Brushing your cat’s teeth is the most effective way to reduce dental plaque and maintain long-term oral health. Like humans, brushing will not only prevent plaque and tartar formation, it will also promote healthy gums and reduce bad breath. Almost three-quarters of cats over three years old could have tooth and gum disease, so it’s something to take seriously and to ask your vet or Ellis about when you have your cat checked.
The gold standard is brushing your cat’s teeth for about one minute each day. Dental home care can be started in your cat at any age, but the younger he is when the procedure is started, the easier it is to adapt to the routine. Kittens usually do not take long to become accustomed to brushing, whereas older cats may need a more gradual approach. While not all cats will tolerate it, many will and it is an excellent way to maintain oral and dental health.
Dental home care is often started after a cat has had his teeth cleaned and polished by the vet under general anaesthetic. In these cases it is advisable to allow a few days for the mouth to heal and for inflammation to settle down before starting dental home care. Although it might ideally be done after your cat has eaten, many cats eat multiple small meals a day, and you may also prefer to give your cat some food as a reward after brushing the teeth, so timing is not critical.
Never use human toothpaste for your cat. Specific animal dental products are readily available. In New Zealand, Virbac’s specific cat toothbrushes are no longer available, though. We find that the BabySonic electric toothbrush replacement brush heads for babies, available at the pharmacy, are almost as good, see picture below. Use a separate toothbrush for each cat, as saliva can be a major route for cross-infection.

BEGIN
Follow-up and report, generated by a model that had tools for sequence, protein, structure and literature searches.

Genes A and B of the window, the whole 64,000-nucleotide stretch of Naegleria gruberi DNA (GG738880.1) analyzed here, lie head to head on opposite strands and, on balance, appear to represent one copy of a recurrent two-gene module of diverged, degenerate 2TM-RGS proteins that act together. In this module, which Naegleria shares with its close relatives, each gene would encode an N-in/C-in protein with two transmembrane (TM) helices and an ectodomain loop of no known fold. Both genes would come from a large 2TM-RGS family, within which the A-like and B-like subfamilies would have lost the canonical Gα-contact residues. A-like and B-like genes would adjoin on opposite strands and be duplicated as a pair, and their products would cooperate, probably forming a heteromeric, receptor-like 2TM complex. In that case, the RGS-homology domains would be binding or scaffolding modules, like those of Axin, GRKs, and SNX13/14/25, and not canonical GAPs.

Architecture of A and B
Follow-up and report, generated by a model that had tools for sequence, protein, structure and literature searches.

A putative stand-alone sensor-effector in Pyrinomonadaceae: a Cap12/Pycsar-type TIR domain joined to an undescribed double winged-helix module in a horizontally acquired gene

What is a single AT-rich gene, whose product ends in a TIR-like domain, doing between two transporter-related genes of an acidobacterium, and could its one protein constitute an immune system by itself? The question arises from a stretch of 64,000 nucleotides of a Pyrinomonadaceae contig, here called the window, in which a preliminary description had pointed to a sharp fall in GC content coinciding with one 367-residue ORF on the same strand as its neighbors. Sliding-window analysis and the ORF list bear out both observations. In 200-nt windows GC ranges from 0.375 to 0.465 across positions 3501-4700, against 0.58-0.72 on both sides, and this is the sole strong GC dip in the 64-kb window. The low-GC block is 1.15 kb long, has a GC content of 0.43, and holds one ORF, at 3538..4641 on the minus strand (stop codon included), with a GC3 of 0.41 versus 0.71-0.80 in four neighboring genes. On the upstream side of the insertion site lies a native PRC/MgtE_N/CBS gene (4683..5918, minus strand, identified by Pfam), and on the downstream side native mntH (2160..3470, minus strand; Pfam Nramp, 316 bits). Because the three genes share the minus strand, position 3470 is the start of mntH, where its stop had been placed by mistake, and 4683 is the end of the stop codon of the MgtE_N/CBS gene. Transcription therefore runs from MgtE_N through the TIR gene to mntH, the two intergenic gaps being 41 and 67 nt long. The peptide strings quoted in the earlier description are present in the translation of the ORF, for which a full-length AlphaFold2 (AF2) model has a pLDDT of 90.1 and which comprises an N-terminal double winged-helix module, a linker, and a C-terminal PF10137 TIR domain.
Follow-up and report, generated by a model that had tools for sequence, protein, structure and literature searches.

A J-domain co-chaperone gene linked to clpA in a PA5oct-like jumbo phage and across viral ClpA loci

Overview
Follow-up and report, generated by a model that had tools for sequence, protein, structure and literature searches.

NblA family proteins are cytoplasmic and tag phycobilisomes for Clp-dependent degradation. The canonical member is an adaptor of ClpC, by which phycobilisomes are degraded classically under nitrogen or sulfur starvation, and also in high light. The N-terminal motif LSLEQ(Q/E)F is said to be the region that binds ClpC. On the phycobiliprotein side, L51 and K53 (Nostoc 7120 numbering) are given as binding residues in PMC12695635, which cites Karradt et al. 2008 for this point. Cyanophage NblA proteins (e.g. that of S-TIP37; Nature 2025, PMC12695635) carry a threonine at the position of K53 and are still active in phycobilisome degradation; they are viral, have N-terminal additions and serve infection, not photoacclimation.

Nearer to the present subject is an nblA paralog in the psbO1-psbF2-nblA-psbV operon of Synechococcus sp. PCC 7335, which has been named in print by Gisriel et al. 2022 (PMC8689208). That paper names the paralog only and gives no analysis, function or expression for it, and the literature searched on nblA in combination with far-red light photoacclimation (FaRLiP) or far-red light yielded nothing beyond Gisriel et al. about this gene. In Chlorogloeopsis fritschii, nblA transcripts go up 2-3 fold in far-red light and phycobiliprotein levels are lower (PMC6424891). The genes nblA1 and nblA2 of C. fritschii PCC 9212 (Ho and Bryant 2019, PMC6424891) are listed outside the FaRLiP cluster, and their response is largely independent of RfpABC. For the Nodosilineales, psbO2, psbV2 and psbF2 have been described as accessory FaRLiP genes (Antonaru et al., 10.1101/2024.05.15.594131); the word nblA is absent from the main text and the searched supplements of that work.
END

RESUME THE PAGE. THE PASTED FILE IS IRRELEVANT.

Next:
Use Virbac’s specific CET pet toothpaste. We find that the poultry flavour is most popular in cats (whereas the malt flavour is most popular in dogs).
Letting your cat get used to tooth brushing is best done in four steps:
Whenever your cat is happy and relaxed, gently massage his mouth, from the outside (the cheeks, really), making small circular movements, so he gets used to his mouth being touched. The movements will also stimulate the production of saliva, which helps keeping the teeth clean.
After about a week, you can then gently put your index finger on his teeth, and start rubbing gently. Put your finger in the corner of his mouth and once he’s okay with that you can then push back a bit further. You’ll find the largest (pre) molars are actually a bit further down the mouth than where the lips end. The large premolars (especially in the upper jaw) tend to get the most tartar build-up, so are the most important to brush.
After about another week, you can put some toothpaste on your finger and repeat the steps. You can also get a swab, wrap it around your index finger, and use that, with or without toothpaste. Some people like to use a cotton bud.
The last step is using the toothbrush with toothpaste.
Try to concentrate on the outside of the upper jaw. The lower jaw often doesn’t have much tartar build-up, unless there have been extractions in the upper jaw. When you first start to brush there may be a small amount of gum bleeding. This is common and you will find that as you brush more regularly the bleeding will stop as the gums become healthier.
Brushing for one minute a day would be ideal. Do a few strokes on each side, and keep alternating. You just need a small amount of toothpaste (covering 1/4 or 1/2 of the brush): push it in the bristles a little bit, so it doesn’t flick everywhere once you start brushing. If you can, sit on the ground on your knees, feet together, with your cat between your legs, so you have good control. Do something pleasant afterwards when your cat has been good. Sometimes it is easier to see somebody demonstrate dental home care on your cat: feel free to ask us so we can show you. Our cat Edward is a very good boy and more than happy to be part of our demonstration. He is in the picture below.